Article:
In July, the Government finally published its long-awaited transport decarbonisation plan setting out how it plans to tackle the UK’s biggest emitter of carbon – transport. While other sectors have seen emissions declining in recent years, transport has remained stubbornly high, accounting for more than a quarter of all UK carbon emissions. Clearly, this has to change if we are to reach net-zero by 2050.
At Campaign for Better Transport, we have always supported a move to cleaner fuels, including electrification of the rail network, but we know that, that alone, will not be enough. Even if every car on the road was zero emission, we would still have the problem of air pollution and congestion. To truly tackle emissions we must combine cleaner vehicles with behaviour change and modal shift.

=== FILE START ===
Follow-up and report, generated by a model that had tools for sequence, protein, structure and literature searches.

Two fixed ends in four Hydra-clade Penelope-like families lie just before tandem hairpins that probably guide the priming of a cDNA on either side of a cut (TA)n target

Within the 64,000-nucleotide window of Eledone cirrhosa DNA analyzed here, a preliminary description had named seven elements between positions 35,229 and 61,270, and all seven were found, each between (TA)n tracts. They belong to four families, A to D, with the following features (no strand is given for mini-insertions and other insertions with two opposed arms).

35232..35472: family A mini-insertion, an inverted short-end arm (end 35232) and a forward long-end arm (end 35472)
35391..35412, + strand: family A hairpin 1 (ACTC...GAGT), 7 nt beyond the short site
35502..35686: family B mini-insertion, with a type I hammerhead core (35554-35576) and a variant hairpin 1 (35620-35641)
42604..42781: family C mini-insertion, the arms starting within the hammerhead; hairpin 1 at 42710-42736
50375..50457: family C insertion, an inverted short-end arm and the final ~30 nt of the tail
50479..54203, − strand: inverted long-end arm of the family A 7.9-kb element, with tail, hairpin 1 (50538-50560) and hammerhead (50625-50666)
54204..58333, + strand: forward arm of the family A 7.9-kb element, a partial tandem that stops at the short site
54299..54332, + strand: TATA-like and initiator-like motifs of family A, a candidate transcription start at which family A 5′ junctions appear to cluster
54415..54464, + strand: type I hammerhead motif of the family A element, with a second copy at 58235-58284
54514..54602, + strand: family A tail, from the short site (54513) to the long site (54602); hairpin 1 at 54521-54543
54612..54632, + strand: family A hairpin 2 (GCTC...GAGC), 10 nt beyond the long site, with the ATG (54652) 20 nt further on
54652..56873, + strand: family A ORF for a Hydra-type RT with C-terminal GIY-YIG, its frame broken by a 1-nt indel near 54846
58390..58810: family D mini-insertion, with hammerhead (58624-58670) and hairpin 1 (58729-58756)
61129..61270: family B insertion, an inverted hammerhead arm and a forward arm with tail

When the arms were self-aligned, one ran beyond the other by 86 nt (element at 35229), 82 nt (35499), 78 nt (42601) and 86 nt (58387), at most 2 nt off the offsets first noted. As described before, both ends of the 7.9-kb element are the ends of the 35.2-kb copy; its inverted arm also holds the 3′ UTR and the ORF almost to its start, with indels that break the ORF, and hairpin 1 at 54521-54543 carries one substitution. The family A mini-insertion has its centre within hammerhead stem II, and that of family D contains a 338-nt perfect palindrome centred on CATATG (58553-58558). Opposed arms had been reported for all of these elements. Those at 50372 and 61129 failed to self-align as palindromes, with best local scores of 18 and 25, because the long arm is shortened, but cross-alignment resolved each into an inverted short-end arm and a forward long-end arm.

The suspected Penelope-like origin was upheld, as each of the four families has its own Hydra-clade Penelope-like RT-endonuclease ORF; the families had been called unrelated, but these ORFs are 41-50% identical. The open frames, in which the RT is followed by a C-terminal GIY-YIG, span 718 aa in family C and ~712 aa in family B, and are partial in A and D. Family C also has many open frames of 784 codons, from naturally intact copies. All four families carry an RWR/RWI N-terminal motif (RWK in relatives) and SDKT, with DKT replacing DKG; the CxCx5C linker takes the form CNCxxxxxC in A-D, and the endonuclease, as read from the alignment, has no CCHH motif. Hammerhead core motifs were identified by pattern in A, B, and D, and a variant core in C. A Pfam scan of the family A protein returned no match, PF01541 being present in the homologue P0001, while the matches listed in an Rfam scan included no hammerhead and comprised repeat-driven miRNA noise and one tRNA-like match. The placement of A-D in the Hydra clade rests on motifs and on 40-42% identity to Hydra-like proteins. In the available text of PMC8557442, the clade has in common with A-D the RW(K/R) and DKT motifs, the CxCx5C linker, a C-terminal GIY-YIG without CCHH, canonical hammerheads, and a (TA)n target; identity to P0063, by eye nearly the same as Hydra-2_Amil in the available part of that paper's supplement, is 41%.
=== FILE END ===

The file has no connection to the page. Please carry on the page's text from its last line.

In a document the Government published last year that outlined the challenge it faced in reducing transport emissions, transport secretary Grant Shapps said in his foreword: “Public transport and active travel will be the natural first choice for our daily activities. We will use our cars less and be able to rely on a convenient, cost-effective and coherent public transport network.”
We were very glad to see that this ambition made it into the final plan and that, on the face of it, the Government has placed modal shift at the heart of its plans to decarbonise transport. But are the measures outlined in the plan enough to realise this ambition?